RE: Updates to Navigation Timing errata

A way extend this would be to keep track of DNS requests independently of nav timing. They could store when they were looked up (how long ago), how long they took to resolve, etc. Then, when Nav timing builds its metrics, it looks at which DNS entry it used to make the TCP request. It adds the data from the actual resolution for the host in DNS, even though it could have been seconds or minutes previous to the TCP connection and indicates that it was pulled from cache and how long it's been in cache.

A fresh link with nothing in the DNS cache would show in nav timing:
--looked up 0ms ago and 23ms to resolve the DNS.

A link to the same host clicked 7.2seconds later would show in nav timing:
--looked up 7200ms ago and 23ms to resolve the DNS.

The hoverover-to-fetch-dns would show some low millisecond's ago rate indicating that it was successfully prefetching items before a user actually had a chance to click. A bunch of 0 ago's would mean prefetching DNS isn't working.


From: Arvind Jain []
Sent: Tuesday, May 14, 2013 10:14 AM
To: Boris Zbarsky
Cc: public-web-perf
Subject: Re: Updates to Navigation Timing errata

How should such cases be handled?

The DNS resolution, TCP connect, root page download (via prefetch hint) and entire page download (via prerender hint) can all start before actual user navigation and finish before or after navigationStart. In such cases, what should be the values for the different timing attributes in these cases?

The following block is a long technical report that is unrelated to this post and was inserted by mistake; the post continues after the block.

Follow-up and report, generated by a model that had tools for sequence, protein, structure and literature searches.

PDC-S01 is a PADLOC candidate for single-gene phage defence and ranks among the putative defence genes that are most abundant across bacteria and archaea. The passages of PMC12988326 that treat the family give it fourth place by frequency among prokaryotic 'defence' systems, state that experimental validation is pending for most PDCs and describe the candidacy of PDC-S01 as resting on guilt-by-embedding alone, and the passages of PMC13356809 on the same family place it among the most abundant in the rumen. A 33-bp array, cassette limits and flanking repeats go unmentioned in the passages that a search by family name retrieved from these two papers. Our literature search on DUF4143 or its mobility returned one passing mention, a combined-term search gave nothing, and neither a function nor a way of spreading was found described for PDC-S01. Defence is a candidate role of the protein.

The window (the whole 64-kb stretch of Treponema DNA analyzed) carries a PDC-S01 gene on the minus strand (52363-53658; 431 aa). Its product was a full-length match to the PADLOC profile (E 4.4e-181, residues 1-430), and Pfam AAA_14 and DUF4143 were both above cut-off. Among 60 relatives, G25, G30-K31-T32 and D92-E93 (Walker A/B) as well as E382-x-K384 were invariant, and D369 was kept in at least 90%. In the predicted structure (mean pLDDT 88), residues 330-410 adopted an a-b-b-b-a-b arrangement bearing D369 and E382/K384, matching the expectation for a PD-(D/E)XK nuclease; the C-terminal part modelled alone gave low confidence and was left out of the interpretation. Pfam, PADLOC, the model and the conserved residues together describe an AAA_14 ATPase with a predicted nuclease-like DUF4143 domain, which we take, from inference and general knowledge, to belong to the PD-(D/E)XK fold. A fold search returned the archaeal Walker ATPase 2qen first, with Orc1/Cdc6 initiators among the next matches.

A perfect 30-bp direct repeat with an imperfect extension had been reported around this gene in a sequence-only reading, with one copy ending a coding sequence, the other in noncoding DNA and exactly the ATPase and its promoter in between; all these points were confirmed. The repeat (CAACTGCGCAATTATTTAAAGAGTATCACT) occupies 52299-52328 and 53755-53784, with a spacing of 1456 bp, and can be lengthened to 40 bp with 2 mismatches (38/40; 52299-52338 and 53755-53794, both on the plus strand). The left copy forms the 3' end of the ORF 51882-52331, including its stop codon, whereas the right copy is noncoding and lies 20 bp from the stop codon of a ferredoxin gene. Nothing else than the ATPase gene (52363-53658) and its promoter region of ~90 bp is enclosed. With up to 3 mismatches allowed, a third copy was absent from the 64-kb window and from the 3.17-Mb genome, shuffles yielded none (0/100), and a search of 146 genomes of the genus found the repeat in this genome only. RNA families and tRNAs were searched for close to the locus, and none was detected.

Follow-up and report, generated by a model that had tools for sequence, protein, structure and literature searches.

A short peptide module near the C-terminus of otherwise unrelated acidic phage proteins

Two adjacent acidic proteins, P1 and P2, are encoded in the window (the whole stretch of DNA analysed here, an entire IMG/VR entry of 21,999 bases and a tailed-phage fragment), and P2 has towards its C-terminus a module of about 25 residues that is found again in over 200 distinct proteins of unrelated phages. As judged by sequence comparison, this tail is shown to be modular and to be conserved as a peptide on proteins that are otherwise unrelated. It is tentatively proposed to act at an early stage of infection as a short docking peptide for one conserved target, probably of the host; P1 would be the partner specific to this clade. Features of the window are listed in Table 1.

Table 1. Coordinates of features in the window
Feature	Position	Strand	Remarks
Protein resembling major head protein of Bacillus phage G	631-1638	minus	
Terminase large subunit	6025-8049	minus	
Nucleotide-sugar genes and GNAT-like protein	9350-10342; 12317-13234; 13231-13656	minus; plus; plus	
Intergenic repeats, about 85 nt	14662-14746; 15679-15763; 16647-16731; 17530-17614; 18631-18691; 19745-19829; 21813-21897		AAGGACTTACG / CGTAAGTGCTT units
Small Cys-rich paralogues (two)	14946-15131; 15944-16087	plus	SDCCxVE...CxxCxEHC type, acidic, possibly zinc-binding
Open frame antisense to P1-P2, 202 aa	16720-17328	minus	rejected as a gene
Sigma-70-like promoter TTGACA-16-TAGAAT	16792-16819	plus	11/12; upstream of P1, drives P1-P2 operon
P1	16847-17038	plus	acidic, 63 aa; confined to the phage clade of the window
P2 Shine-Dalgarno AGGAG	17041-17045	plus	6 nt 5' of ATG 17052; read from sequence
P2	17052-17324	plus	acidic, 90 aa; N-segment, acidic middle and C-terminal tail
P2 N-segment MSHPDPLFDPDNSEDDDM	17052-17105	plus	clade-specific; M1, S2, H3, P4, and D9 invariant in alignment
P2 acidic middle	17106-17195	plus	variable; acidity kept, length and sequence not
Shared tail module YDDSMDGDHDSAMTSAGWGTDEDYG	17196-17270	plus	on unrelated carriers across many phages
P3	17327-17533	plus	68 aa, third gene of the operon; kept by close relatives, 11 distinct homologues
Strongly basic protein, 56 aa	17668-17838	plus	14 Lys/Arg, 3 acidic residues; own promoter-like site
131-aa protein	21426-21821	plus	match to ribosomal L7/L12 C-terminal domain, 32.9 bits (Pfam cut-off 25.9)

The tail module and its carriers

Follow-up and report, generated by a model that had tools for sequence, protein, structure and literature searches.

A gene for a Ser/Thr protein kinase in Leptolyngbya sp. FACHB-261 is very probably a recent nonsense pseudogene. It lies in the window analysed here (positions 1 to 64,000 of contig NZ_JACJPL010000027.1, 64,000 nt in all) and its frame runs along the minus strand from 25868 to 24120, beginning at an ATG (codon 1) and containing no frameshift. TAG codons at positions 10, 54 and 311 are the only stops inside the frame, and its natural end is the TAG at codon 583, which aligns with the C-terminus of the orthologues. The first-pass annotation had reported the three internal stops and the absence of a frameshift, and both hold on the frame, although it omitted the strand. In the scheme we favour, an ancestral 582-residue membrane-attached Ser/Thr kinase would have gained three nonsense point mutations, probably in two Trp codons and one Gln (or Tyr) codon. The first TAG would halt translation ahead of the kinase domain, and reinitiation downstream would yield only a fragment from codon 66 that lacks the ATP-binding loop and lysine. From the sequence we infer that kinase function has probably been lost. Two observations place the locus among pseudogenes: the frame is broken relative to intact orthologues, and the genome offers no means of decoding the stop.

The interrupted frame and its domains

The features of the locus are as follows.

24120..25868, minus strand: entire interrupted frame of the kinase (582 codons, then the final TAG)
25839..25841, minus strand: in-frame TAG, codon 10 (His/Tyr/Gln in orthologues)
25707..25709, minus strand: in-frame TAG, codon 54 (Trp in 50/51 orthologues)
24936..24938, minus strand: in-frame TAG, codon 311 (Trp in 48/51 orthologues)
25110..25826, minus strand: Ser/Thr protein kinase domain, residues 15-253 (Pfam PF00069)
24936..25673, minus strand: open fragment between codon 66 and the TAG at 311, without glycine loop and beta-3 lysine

Taking the example of DNS resolution, with a pre-resolve, the spec seems to state that domainLookupStart would be the time when the pre-resolve is actually started. But I think it makes more sense to talk in context of user navigation - a pre-resolve should be treated like a cache hit, so if a pre-resolve finished before navigationStart, we should report domainLookupStart and End == fetchStart.

What is your preference?


On Tue, May 14, 2013 at 9:51 AM, Boris Zbarsky <<>> wrote:
On 5/14/13 10:49 AM, Philippe Le Hegaret wrote:
It includes two errata, one regarding the navgiationStart attribute, and
one regarding the illustration in 5.1 Processing Model.

I hate sounding like a broken record, but this is still assuming a model in which "TCP" comes after "DNS" and "DNS" comes after "Prompt for Unload".

In actual browsers, "DNS" can happen when the user hovers over the link that they will click to leave the page (before "Prompt for unload") and "TCP" can start before "DNS" completes due to speculative preconnects....

As a result, a browser implementing this specification right now has the choice of either not following the spec or reporting numbers that don't reflect what it actually did.  In practice I believe at least Gecko ends up doing a mix of the two depending on where people remembered to put in random max() or min() calls; I can't speak to other browsers.


Received on Tuesday, 14 May 2013 17:29:42 UTC